Supervisors and State Legislature who are
iv favor of great restrictions regarding
number and localities of saloons.
The Baptists have organized a theological
class in connection with the California Col
lege at Highland Park. The class in
structors will be Rev. Drs. E. 11. Gray and
G. a Abbott, Rev. C. 11. Hobart aud Mrs.
One of the locomotives of the local railroad
was damaged on .Monday evening at Seventh
and Jackson streets by colliding with a
wagon of the Oakland -timber Company.
A horse was killed and the driver stunned,
but not seriously hurt. The train was de
layed half an hour until the arrival of
Y. M. C. A. IMPROVEMENT.
The Oakland Young Men's Christian As
sociation has elected tne following Directors
for the ensuing year: D. Edward Collins, E.
S. Finch, William 11. Bailer, Cary Howard,
George '!'. Hawley, Dr. W. F. Lewis, Colonel
George Babcock. It is stated that of the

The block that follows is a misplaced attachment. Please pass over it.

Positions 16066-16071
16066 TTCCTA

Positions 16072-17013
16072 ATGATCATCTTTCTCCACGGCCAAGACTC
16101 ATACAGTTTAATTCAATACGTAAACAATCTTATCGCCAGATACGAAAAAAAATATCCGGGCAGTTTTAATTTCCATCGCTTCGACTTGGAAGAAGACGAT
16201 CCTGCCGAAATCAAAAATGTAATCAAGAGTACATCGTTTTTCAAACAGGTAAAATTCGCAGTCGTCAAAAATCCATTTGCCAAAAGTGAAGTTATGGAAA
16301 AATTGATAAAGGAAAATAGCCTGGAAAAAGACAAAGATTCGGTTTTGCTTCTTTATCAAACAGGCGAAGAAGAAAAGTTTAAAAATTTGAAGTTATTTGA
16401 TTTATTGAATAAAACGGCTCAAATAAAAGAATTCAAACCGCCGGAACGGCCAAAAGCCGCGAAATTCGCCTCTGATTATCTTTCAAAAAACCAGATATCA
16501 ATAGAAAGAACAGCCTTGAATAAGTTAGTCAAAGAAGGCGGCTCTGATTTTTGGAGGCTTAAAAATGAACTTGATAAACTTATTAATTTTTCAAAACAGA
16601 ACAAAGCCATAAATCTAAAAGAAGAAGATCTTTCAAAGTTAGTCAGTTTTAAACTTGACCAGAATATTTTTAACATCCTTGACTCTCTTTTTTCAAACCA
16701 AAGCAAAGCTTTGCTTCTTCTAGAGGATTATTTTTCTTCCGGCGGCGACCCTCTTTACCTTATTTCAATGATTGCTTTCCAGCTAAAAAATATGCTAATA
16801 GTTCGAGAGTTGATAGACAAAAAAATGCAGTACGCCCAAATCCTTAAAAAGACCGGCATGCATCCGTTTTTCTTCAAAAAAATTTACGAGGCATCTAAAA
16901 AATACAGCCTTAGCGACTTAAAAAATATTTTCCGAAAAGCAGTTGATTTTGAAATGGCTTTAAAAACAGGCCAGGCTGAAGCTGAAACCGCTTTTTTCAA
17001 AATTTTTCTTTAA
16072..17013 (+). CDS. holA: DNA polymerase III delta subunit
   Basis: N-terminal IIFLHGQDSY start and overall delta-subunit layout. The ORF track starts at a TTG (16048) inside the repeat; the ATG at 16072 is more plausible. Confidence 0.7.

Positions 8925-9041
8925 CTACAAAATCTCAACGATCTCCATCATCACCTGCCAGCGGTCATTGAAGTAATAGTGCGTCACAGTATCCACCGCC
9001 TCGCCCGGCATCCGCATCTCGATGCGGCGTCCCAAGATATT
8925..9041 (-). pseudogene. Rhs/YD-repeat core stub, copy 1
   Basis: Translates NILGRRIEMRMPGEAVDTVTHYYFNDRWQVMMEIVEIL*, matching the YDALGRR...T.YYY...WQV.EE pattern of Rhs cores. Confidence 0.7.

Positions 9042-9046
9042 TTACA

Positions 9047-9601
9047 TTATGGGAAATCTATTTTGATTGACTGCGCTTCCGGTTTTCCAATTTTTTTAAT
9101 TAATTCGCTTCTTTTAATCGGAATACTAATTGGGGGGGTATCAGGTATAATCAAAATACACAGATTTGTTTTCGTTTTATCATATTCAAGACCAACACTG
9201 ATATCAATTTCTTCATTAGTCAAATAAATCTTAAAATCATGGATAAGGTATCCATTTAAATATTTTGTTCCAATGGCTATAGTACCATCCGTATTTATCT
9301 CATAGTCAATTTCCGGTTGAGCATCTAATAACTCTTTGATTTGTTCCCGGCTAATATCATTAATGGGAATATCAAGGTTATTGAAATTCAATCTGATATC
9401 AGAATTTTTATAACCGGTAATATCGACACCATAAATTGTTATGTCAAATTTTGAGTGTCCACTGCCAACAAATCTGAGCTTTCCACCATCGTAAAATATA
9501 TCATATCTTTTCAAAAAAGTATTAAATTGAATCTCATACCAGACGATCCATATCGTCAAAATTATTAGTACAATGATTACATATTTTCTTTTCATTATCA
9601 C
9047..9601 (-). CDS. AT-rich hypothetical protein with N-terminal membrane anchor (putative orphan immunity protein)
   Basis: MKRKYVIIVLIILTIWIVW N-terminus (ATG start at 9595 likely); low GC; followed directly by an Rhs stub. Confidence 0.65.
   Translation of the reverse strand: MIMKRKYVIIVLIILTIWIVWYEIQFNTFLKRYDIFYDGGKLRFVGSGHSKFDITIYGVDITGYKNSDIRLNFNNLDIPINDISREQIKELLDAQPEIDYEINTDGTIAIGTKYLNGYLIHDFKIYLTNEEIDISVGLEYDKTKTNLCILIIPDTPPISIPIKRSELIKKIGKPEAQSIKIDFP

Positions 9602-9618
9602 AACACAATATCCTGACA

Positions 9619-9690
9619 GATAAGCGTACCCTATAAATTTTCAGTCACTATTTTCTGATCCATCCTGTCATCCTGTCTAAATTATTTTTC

$60,000 subscribed for the new building,
about 517.000 remains unpaid. The gym
nasium, baths, and bowling alley are being
Stephen K. Wood, a law student, has con
cluded to study for the ministry at Oberlin
College nnd has tendered his resignation as
Notary Public to Governor Waterman.
Judge Gibson yesterday refused to admit
Joseph A. A. Sander to citizenship because
he had two "first papers," showing that in
1884 he took out one In the name of Adol
phiis Sander and in IS-S5 as "Ambrose Doc
tor." In his testimony lie said lie received
the name of "Ambrose Doctor" in joining a
church society. His mother called Dim
Joseph and his father Adolphus. The Court
refused to admit him because he could not
ascertain his true name.
A THIEF PUNISHED.
A charge of grand larceny against John
Lodgers for picking the pocket of Mrs. Boss